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Specter Flipflops on DOMA


Pennsylvania Democrat-turned-Republican-turned Democrat U.S. senator Arlen Specter, who's running for his sixth term, is going up against pro-gay congressman Joe Sestak in the Democratic primary next year. Hence the timing of Specter's blog on The Huffington Post Tuesday calling for the repeal of the federal Defense of Marriage Act, when up to now he has consistently supported it, feels a bit suspect.

"Enacted 13 years ago when the idea of same-sex marriage was struggling for acceptance, [DOMA] is a relic of a more tradition-bound time and culture," Specter wrote. "Connecticut, Iowa, and Massachusetts have already passed laws recognizing same-sex marriage, and other states are moving in that direction. The states are the proper forum to address this divisive social and moral issue, not the federal government with a law that attempts to set one national standard for marriage."

But Sestak, in a statement released only hours after Specter's blog appeared online, pointed out that Specter voted for DOMA in 1996 and voiced support for it again during his 2004 primary battle with conservative Republican Joe Toomey, who also supported it.

"As [Specter] carries on his attempt to run away from his 30-year Republican record, this time on his vote to support the Defense of Marriage Act, he should be honest about his votes to oppose equal rights for LGBT Americans," Sestak said in his statement. "He actually voted with Republican senator Rick Santorum to deny equal benefits to legally married LGBT Americans in the first place."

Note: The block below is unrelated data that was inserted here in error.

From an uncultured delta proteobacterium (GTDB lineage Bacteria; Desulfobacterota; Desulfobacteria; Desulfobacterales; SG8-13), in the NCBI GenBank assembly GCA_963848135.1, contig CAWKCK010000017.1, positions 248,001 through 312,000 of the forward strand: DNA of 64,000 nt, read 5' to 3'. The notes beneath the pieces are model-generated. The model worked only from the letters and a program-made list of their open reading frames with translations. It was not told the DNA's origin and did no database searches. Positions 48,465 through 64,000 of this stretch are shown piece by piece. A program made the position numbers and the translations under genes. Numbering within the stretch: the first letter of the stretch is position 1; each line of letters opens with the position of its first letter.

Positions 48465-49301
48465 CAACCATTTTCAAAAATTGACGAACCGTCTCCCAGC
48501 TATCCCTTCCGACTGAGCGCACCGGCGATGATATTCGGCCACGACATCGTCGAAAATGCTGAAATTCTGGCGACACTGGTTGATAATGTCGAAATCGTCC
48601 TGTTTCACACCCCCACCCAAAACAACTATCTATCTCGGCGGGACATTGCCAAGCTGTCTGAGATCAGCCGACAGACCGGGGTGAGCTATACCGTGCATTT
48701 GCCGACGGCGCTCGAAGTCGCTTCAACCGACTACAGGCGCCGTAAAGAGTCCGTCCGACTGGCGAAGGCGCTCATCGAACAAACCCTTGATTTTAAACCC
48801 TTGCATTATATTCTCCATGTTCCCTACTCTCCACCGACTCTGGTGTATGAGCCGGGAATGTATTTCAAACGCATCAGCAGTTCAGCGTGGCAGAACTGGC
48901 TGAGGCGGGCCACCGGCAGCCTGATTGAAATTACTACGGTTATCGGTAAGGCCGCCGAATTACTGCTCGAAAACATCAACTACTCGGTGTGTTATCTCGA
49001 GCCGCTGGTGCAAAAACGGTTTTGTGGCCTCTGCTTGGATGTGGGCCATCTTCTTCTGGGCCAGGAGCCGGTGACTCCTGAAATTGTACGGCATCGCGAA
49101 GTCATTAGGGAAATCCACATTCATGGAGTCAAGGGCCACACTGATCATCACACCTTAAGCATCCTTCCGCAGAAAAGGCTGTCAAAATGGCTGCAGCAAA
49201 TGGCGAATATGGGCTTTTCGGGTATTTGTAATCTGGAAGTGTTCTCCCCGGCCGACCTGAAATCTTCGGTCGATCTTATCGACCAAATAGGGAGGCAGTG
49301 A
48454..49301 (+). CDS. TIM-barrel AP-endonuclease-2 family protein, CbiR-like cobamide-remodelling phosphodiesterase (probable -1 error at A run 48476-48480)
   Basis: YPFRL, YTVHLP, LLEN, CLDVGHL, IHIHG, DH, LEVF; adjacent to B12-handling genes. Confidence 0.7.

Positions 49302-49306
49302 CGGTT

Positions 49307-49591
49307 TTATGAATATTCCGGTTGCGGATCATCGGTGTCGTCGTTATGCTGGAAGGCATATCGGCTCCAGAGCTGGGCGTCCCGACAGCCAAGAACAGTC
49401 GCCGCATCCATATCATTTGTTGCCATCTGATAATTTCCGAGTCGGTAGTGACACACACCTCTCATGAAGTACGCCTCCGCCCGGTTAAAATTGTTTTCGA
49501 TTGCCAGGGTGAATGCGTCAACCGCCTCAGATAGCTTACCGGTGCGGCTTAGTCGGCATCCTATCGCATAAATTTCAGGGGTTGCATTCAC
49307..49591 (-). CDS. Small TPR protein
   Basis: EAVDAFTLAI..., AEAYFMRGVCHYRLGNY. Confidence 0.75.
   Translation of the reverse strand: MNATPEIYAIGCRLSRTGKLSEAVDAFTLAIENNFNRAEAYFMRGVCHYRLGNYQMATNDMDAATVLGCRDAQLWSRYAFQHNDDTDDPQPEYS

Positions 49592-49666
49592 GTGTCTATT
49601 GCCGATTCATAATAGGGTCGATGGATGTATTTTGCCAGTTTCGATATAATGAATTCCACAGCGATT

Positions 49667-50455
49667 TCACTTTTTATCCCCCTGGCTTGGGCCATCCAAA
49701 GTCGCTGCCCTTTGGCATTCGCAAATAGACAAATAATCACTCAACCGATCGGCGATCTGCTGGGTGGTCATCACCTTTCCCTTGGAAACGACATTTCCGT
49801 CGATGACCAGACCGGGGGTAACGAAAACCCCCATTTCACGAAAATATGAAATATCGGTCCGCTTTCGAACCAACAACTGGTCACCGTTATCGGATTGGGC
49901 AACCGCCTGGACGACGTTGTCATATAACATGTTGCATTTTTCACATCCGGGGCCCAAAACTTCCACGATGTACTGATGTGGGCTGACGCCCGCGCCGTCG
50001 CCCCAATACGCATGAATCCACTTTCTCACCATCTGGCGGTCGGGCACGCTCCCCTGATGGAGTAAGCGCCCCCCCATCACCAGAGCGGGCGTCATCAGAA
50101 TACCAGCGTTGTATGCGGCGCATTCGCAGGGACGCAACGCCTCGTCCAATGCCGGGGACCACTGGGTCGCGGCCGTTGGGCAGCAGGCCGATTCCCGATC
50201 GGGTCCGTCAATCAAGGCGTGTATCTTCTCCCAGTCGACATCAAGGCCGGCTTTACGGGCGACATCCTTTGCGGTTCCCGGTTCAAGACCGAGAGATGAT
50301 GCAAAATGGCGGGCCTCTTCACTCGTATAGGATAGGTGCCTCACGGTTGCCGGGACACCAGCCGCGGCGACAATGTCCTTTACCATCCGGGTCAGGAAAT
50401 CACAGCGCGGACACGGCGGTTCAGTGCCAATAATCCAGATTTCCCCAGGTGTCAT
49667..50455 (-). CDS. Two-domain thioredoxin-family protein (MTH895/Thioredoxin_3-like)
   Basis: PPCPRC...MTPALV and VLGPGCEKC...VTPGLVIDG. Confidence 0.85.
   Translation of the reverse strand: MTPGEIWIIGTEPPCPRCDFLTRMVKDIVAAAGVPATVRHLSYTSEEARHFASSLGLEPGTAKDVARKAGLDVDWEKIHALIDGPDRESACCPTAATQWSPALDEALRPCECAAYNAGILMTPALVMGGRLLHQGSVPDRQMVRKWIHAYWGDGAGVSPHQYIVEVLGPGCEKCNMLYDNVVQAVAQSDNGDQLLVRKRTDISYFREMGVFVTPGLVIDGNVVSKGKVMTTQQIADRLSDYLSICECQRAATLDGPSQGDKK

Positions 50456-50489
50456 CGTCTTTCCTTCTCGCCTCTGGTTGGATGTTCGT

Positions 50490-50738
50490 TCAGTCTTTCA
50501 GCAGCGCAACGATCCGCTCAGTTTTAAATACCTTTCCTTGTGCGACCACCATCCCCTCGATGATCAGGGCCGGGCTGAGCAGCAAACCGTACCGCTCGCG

But it is impossible to believe that Specter's positions on gay rights issues have evolved over time? Also citing his support for hate-crimes legislation and ENDA as well as repeal of "don't ask, don't tell," Specter went on to write, "The repeal of DOMA is one step among several designed to fully integrate and protect the rights of gays and lesbians in American society. Recently enacted hate-crimes legislation is another. The Matthew Shepard Hate Crimes Prevention Act, which I sponsored with the late Senator Kennedy, makes it a federal crime to target victims on the basis of disability, sex, sexual orientation, or gender identity."

Specter continued, "Measures to combat discrimination against gays and transgendered people in the workplace are another needed measure. The Employment Non-Discrimination Act of 2009, of which I am an original cosponsor, was introduced on August 5, 2009, and is currently before the Senate Committee on Health, Education, Labor, and Pensions.

"Finally, the military's 'don't ask, don't tell' policy is outdated and should be rescinded entirely. A person's sexual orientation has no bearing on their ability to serve their country in the armed services."

So does Specter's apparent about-face represent enlightenment or expediency? Pennsylvania voters will have to decide that for themselves come 2010.

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